Amazon series:reactions and thoughts (Spoiler alert!)

Haakon

Administrator
Staff member
I enjoy the show. I think it looks great. I want to see what’s going to happen. The casting is really good and I like most of the actors (some more than others, for sure). I’m surprised at how interesting I find some storylines, and I’m amazed at what they’ve come up with considering they’ve just got the appendices (plus some stuff they’ve apparently managed to get access to). I have two issues.
My first issue is the uneven quality. Given the callbacks to the Jackson films, the flirting with various Tolkien quotes from letters and whatnot, how can a name like Elanor Kellamark (Markella reversed) Brandyfoot be allowed to slip through? Did the team get ridiculously drunk at some point? Also, the lack of people is slightly annoying. In Númenor, we need more extras to believe it’s an empire of any significance, and it’s weird how Celebrimbor seems to be totally alone (isn’t a Lord supposed to have servants and assistants? Where are the other smiths?) I hope there will be less of this.
The second issue is the script, which is fine in many ways but it’s too effective! Every scene has a clear goal and people always seem to want something specific that’s made very clear. It’s like opera, not like life. I’d like more irrelevant interaction, filling the story with everyday random occurrences and dialogue not going along the lines of the main story. Sometimes an actor can lift his or her lines and give them that extra quality (I think of Robert Aramayo and Owain Arthur mostly but I also like Morfydd Clark and Lloyd Owen). But overall, the storylines feel pretty much like a straight railroad. As it is, I find I “know” who Sauron is, and I am not expecting a lot of surprises. But I’m not sure why surprises would be the reason to watch this show…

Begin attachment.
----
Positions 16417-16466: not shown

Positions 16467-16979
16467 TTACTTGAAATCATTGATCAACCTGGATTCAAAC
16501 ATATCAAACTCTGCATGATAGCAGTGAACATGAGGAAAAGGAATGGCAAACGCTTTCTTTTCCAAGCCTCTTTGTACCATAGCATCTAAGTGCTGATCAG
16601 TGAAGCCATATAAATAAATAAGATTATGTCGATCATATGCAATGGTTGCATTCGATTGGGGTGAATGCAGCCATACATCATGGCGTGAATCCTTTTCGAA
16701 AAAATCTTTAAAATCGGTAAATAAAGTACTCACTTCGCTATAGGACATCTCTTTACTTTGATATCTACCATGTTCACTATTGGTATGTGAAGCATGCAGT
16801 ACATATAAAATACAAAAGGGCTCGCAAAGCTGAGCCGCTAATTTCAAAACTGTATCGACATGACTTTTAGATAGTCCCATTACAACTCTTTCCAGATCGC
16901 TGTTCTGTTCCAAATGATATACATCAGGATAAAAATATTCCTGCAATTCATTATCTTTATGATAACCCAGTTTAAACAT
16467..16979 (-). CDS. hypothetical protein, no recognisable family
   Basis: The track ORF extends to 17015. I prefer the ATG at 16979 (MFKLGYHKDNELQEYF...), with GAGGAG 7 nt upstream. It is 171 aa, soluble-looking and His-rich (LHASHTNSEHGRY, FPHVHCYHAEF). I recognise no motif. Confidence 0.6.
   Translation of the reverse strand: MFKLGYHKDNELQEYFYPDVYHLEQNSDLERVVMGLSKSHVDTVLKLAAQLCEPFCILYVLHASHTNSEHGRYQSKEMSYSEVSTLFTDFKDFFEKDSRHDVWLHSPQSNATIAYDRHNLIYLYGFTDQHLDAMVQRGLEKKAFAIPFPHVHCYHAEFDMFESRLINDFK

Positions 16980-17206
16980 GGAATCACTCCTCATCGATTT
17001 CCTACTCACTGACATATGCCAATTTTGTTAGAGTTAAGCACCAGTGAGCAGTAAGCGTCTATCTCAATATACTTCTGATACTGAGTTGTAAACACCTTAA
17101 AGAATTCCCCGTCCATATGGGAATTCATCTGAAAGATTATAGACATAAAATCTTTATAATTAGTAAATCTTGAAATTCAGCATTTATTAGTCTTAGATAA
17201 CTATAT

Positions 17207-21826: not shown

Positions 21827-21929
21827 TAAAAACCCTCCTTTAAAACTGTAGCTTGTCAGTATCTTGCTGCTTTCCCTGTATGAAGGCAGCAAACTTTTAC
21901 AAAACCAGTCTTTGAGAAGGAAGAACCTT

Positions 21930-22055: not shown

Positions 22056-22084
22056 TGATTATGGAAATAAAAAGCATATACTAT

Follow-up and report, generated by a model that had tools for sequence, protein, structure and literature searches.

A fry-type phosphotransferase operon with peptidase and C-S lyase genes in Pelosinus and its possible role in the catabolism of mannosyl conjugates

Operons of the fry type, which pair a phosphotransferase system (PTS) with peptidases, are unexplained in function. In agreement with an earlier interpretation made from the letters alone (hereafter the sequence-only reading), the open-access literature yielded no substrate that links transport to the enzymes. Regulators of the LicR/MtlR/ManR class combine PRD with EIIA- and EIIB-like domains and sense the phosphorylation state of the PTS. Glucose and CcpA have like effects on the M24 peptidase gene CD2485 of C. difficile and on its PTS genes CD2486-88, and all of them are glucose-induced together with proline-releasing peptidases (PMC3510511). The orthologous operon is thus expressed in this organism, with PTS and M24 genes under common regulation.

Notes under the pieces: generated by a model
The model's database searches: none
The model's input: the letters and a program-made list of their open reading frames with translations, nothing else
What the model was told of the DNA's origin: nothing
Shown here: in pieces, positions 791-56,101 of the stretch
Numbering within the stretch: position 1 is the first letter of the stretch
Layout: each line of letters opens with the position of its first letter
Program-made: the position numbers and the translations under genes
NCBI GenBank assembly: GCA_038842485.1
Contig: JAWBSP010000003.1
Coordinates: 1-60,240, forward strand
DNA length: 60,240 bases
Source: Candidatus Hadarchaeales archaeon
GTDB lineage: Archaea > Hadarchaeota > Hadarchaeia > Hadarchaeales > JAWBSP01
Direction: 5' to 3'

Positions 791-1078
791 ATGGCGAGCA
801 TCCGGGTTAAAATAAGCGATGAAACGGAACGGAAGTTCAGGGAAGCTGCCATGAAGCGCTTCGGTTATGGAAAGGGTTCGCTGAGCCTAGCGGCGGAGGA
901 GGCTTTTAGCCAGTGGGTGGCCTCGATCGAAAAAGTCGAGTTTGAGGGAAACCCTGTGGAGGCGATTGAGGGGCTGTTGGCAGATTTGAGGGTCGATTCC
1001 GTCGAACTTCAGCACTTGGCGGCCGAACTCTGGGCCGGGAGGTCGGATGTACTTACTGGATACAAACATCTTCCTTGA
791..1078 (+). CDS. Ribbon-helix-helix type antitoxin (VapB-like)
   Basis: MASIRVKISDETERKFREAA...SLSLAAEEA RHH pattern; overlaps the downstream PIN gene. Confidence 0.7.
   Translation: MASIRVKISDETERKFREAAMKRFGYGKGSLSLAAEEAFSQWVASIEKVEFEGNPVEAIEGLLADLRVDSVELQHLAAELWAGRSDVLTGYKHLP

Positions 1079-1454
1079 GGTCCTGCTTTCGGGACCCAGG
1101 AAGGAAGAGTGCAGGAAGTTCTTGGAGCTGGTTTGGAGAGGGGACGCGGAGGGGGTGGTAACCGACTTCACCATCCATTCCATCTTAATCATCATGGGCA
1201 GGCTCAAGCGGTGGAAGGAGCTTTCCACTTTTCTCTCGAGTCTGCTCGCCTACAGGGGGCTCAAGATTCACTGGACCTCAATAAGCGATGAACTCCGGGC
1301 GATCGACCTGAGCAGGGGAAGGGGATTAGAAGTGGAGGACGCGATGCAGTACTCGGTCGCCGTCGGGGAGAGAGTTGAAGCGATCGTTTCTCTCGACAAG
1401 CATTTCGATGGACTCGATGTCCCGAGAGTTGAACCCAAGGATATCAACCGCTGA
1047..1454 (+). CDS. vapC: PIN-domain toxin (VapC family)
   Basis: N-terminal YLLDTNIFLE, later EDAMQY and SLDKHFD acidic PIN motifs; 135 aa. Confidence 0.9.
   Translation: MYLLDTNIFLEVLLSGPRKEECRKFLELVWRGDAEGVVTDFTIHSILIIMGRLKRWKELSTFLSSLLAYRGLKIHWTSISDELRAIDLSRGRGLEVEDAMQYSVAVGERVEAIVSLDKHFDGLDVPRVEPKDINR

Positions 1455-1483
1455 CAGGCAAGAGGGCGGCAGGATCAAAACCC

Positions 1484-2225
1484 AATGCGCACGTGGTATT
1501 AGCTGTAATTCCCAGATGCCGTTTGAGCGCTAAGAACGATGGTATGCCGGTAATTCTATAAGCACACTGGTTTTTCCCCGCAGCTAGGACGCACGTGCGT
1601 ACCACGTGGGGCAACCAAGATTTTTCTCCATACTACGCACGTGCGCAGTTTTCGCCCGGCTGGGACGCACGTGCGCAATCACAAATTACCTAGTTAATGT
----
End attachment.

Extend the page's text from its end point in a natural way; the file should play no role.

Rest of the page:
In the end, so far the show hasn’t reached the level of the (in my opinion) best parts of Jackson’s films, but I haven’t been upset yet the way I sometimes was by Jackson. I want more though.
 

Odola

Well-Known Member
Every scene has a clear goal and people always seem to want something specific that’s made very clear. It’s like opera, not like life. I’d like more irrelevant interaction, filling the story with everyday random occurrences and dialogue not going along the lines of the main story. Sometimes an actor can lift his or her lines and give them that extra quality (I think of Robert Aramayo and Owain Arthur mostly but I also like Morfydd Clark and Lloyd Owen). But overall, the storylines feel pretty much like a straight railroad. As it is, I find I “know” who Sauron is, and I am not expecting a lot of surprises. But I’m not sure why surprises would be the reason to watch this show…
In the end, so far the show hasn’t reached the level of the (in my opinion) best parts of Jackson’s films, but I haven’t been upset yet the way I sometimes was by Jackson. I want more though.
That seems strange. Plenty of people consider bit chunks of the story to be random and better to been cut out altogether and complain of too many strands which - with each only hinted at - are seen as being confusing. While I - having read the book - could imagine a (or several various) back story(-ies) to everything shown and see where it potentially could leave to if explored further - plenty of "normies" do not. Having even more "random stuff" added it would only muddle the waters farther imho - letting some of them completely lost what the story is about?
 
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Haakon

Administrator
Staff member
What I’m trying to say is that the characters in a scene almost always have one clear motive and that’s what they’re seen driving at. There’s less of nuance, less of the extra behaviour that makes up life. Sure, this makes the story easier to follow perhaps but also less interesting. And I think things move a little bit too fast.
 

Odola

Well-Known Member
What I’m trying to say is that the characters in a scene almost always have one clear motive and that’s what they’re seen driving at. There’s less of nuance, less of the extra behaviour that makes up life. Sure, this makes the story easier to follow perhaps but also less interesting. And I think things move a little bit too fast.